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1. a large, solid-hoofed, herbivorous quadruped, Equus caballus, domesticated since prehistoric times, bred in a number of varieties, and used for carrying or pulling loads, for riding, and for racing.
2. a fully mature male animal of this type; stallion.
3. any of several odd-toed ungulates belonging to the family Equidae, including the horse, zebra, donkey, and ass, having a thick, flat coat with a narrow mane along the back of the neck and bearing the weight on only one functioning digit, the third, which is widened into a round or spade-shaped hoof.
4. something on which a person rides, sits, or exercises, as if astride the back of such an animal: rocking horse.
5. Also called trestle. a frame, block, etc., with legs, on which something is mounted or supported.
horse, hoofed, herbivorous mammal now represented by a single extant genus, Equus. The term horse commonly refers only to the domestic Equus caballus and to the wild Przewalski''s horse. Adapted to plains environments, all Equus species, including the ass and the zebra, have lengthened foot bones ending in a single toe covered by a hoof, for fast running; teeth shaped for grinding grass; and intestinal protozoa for digesting cellulose.
1. an external covering for the human foot, usually of leather and consisting of a more or less stiff or heavy sole and a lighter upper part ending a short distance above, at, or below the ankle.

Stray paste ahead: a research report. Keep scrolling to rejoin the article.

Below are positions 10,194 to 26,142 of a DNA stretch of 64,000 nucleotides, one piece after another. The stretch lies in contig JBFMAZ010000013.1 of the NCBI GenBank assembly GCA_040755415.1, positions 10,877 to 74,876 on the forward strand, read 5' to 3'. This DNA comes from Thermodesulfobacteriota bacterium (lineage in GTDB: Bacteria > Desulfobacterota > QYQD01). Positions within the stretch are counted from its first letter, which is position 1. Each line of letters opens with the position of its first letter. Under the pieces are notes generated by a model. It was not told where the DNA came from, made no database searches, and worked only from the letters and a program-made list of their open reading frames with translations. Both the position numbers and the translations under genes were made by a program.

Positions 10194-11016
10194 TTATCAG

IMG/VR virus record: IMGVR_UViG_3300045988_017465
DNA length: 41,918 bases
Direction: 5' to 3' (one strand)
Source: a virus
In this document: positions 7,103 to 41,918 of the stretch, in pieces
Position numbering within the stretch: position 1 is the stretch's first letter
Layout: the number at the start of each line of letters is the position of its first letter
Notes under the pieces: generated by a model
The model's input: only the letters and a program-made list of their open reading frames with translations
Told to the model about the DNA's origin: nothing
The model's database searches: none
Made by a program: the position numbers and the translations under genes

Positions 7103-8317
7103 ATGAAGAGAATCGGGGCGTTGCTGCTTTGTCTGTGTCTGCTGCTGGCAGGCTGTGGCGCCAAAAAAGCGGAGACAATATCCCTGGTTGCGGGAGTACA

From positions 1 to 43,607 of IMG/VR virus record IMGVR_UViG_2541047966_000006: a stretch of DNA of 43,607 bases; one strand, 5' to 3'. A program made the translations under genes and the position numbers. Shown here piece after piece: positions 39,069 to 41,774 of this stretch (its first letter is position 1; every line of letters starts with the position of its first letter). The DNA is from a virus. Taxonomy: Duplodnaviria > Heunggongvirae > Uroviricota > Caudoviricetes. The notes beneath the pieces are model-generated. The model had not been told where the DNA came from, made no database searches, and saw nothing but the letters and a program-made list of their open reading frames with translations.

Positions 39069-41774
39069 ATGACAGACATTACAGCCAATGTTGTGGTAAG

2. an object or part resembling a shoe in form, position, or use.
3. a horseshoe or a similar plate for the hoof of some other animal.
4. a ferrule or the like, as of iron, for protecting the end of a staff, pole, etc.
5. See brake shoe.
6. the outer casing of a pneumatic automobile tire.
7. a drag or skid for a wheel of a vehicle.
8. a part having a larger area than the end of an object on which it fits, serving to disperse or apply its weight or thrust.
9. the sliding contact by which an electric car or locomotive takes its current from the third rail.
10. Civ. Engin.
a. a member supporting one end of a truss or girder in a bridge.
b. a hard and sharp foot of a pile or caisson for piercing underlying soil.
11. a small molding, as a quarter round, closing the angle between a baseboard and a floor.
12. the outwardly curved portion at the base of a downspout.
13. a piece of iron or stone, sunk into the ground, against which the leaves of a gateway are shut.
14. a device on a camera that permits an accessory, as a flashgun, to be attached.
15. a band of iron on the bottom of the runner of a sleigh.
16. Cards.See dealing box.
1. shoe, footwear, footgear
usage: footwear shaped to fit the foot with a flexible upper of leather or plastic and a sole and heel of heavier material
2. shoe, case
usage: a case from which playing cards are dealt one at a time
3. horseshoe, shoe, plate, scale, shell
usage: U-shaped plate nailed to underside of horse''s hoof
4. brake shoe, shoe, skid, restraint, constraint